Article 6 of the Data Protection Directive 1995 also sets out the over-arching proportionality principle, that data processed should be “adequate, relevant and not excessive”.
Article 15 of the Directive on Privacy and Electronic Communications 2002 is also explicit about the qualification of exemptions to data protection, specifying that they must constitute a “necessary, appropriate and proportionate measure within a democratic society”.
Now, the technical community at IETF last week expressed a near-unanimous view that it should take action to revisit the technical means by which the Internet could be protected against mass surveillance – describing interception on that scale as indistinguishable from an attack. Technical protection apart, though, it seems to me that what the NSA/GCHQ disclosures reveal is primarily a failure of governance: elected representatives seem either to have been kept uninformed of what the intelligence services were doing, or to have done their bit to ensure that it was not subject to effective independent accountability. Witness, for instance, the unedifying sight of a US FISC judge issuing a written ruling that “NSA exceeded the scope of authorized acquisition continuously”… before agreeing to expand its authority to collect metadata by “11-24 time”.
At the same time, we have a UK cabinet minister and member of the national security council (NSC) saying that he was given no information at all about GCHQ’s TEMPORA program or the NSA’s PRISM. The same minister notes that, for much of the previous administration’s time in power, the Home Office was pressing for new intercept laws, when in fact it was already doing what it complained that it could not. The British public have also been offered the carefully-choregraphed spectacle of the heads of intelligence services in a televised Q&A session with the committee of MPs nominally responsible for their accountability. As you can see from the video footage, the session was hardly what the BBC, with touching optimism, referred to as a “grilling”. What’s not made clear in the video, by the way, is that all the questions were pre-arranged.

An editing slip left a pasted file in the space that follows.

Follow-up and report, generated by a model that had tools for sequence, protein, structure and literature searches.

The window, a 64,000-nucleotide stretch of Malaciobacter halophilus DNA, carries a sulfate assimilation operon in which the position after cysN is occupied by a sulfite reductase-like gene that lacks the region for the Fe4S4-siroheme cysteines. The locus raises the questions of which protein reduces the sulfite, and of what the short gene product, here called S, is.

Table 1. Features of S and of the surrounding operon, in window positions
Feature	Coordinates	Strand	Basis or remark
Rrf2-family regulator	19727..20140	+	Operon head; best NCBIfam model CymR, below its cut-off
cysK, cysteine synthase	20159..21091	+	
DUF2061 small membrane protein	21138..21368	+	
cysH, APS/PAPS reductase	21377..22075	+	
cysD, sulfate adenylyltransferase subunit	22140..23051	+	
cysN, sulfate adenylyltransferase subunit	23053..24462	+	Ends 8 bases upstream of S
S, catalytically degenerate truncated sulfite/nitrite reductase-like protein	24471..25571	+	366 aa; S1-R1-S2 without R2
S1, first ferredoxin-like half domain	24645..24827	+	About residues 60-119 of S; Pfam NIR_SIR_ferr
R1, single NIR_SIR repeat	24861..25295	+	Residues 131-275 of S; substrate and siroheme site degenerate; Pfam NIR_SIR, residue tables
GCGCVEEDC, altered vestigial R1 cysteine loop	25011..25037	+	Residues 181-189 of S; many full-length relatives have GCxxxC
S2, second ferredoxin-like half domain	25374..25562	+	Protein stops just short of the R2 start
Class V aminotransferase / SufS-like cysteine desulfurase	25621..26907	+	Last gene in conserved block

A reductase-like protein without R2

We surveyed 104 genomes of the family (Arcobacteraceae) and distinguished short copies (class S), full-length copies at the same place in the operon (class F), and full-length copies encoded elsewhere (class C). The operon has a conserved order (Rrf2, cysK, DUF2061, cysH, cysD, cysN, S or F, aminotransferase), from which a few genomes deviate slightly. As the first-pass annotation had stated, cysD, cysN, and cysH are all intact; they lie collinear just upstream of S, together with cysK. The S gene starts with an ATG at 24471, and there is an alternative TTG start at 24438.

Under those circumstances, I could not blame British citizens for wondering how we are to achieve adequate supervision of communications interception on a mass scale. The “gentleman’s agreement” by which the spies agree not to do anything too beastly, provided MPs are civil enough not to ask impertinent questions, clearly doesn’t cut it. And, in a sense, it’s laughable that it ever did: after all, what use is a gentleman’s agreement with someone whose profession is deceit?
The bottom line is this: the UK clearly signed up to the provisions of European regulations and Convention 108, well aware that they contained national security exemptions, but also well aware that those exemptions are qualified by requirements for democratic necessity and proportionality. It has equally clearly failed to ensure that those requirements are met. It should, therefore, either be honest and indicate that it no longer intends to be bound by any of the statutory instruments in question, or at least be open and endorse an independent examination of whether mass surveillance can be compatible with the human rights laws to which it has signed up.